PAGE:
Benson Odom has come to Atlantic City every year since the Miss America pageant returned in 2013.

“Hearing the pipe organ play before the show each night gives me goosebumps,” the 31-year-old volunteer and South Carolina local-pageant director said. “It is one of the most exhilarating experiences attending Miss America in Boardwalk Hall.”

But Miss America’s return to its home venue may be short-lived. According to a request-for-proposal document, the Miss America Organization is searching for a host city for the scholarship competition.

Fans of the annual event are hoping Miss America will continue on, maybe in Atlantic City, to meet a milestone year.

“It would be lovely if Miss America could continue in Atlantic City till at least its 100th anniversary,” Atlantic City historian and author Vicki Gold Levi said Wednesday.

Levi, whose Miss America history started at 5 years old, when she was a page for Miss America 1947 Bess Myerson, and culminated 50 years later when she was a judge in the 1997 pageant, has said Miss America’s identity is synonymous with the seaside resort.

Since 1940, the annual pageant has been held at Boardwalk Hall — at least during the years it was in Atlantic City. The MAO previously moved the pageant in 2005, citing financial issues under then-CEO Art McMaster and claiming too high a price for the historic venue. The pageant was held in Las Vegas for eight years before the Casino Reinvestment Development Authority, under the request of then-Lt. Gov. Kim Guadagno, subsidized the pageant’s costs for a return to Atlantic City.

Miss New Jersey 2018 Jaime Gialloreto said one of the things she most looked forward to competing in Miss America was being at Boardwalk Hall.

“I want the next class of state titleholders to be able to experience the magic of competing in Boardwalk Hall and riding in the iconic Show Me Your Shoes Parade,” Gialloreto said.

However, Gialloreto understands the MAO’s current financial issues may scale back the production.

“I want the longevity of the pageant, and if the funds aren’t there to keep it at Boardwalk Hall next year, then that’s something to consider,” she said.

“It saddens me,” said Miss America 1984 Suzette Charles. “It would be really a shame if it left Atlantic City. It goes to show, with the new leadership, they don’t know how to preserve a 100-year tradition.”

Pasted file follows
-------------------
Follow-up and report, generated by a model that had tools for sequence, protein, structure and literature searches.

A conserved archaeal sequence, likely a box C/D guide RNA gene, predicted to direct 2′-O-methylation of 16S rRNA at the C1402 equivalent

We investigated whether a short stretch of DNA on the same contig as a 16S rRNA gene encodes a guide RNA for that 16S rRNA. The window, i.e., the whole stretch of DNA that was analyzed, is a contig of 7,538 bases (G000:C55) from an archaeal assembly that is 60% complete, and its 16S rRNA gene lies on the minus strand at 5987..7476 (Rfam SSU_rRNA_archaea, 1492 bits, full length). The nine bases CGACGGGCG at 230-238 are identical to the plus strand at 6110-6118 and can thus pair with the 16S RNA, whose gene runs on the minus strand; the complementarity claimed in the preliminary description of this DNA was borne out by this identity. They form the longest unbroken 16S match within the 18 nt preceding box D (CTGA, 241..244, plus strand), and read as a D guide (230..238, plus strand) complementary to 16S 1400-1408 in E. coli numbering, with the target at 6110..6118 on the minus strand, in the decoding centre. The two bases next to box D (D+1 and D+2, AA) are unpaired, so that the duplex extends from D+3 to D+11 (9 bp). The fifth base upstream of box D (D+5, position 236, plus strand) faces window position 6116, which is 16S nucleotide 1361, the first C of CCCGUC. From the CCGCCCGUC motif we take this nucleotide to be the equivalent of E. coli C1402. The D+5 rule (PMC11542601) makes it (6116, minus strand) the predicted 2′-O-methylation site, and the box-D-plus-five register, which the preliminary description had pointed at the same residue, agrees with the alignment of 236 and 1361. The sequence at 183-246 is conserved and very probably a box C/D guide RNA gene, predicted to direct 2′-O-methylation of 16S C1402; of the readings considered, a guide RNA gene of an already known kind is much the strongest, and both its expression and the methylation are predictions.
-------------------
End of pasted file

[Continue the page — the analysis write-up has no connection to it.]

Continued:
Charles said the Miss America volunteers, along with several former Miss Americas, remain divided on how the current leadership is running the organization. The Miss America Competition continued a trend of low TV ratings this year, as its leadership stood accused of bullying Miss America 2018 Cara Mund.

Following the 2019 Miss America Competition in September, after a $12 million contract with the Casino Reinvestment Development Authority expired, the MAO submitted a request for proposal to the CRDA for a new contract, according to documents obtained by The Press through an Open Public Records Act request.

The RFP was an outline of the two weeks before and after Labor Day 2019 and 2020, when the pageant would be in the host city. An email between an MAO representative and the CRDA said Miss America CEO Regina Hopper mentioned the possibility of using other venues in Atlantic City besides Boardwalk Hall.

“It is a long tradition associated with the city, and if another venue in town could successfully take it on, that would represent a win-win for all,” Levi said.

Ocean Resort Casino owner Bruce Deifik said he had spoken to MAO Chairwoman Gretchen Carlson on Tuesday but has not received any official proposals for hosting. Atlantic City’s other casinos declined to say whether they had been approached by MAO.

Requirements listed in the RFP ask a lot of the potential host city: 4,289 room stays over the two-week period for more than 680 staff members, production staff, titleholders, security, pageant judges and friends and family, including a presidential suite for Carlson, a venue with no fewer than 3,000 seats, and a week’s worth of available meeting spaces for orientations and receptions.

The host city is also expected to provide a financial subsidy between $2.5 million and $4.9 million for the pageant’s production costs and an additional contribution of $325,000 for other expenses.

The CRDA said Tuesday the board has not discussed any proposals to fund Miss America, and city officials have previously said the pageant’s price tag was more than the city should spend.

Many of the traditions Miss America fans loved went away when the pageant moved from Atlantic City in 2005 — including the crowning date, the parade and the full-length runway stage.

“I am one of those fans that just feels like Miss America is at home in A.C.,” said Odom, “so it’s difficult for me to imagine Miss America anywhere but A.C. for her 99th and 100th anniversaries, or beyond.”

Contact: 609-272-7286 Twitter @ACPress_LC

Staff Writer

Joined the Press in November 2016. Graduate of Quinnipiac University. Previously worked as a freelance reporter in suburban Philadelphia and news/talk radio producer.

Load comments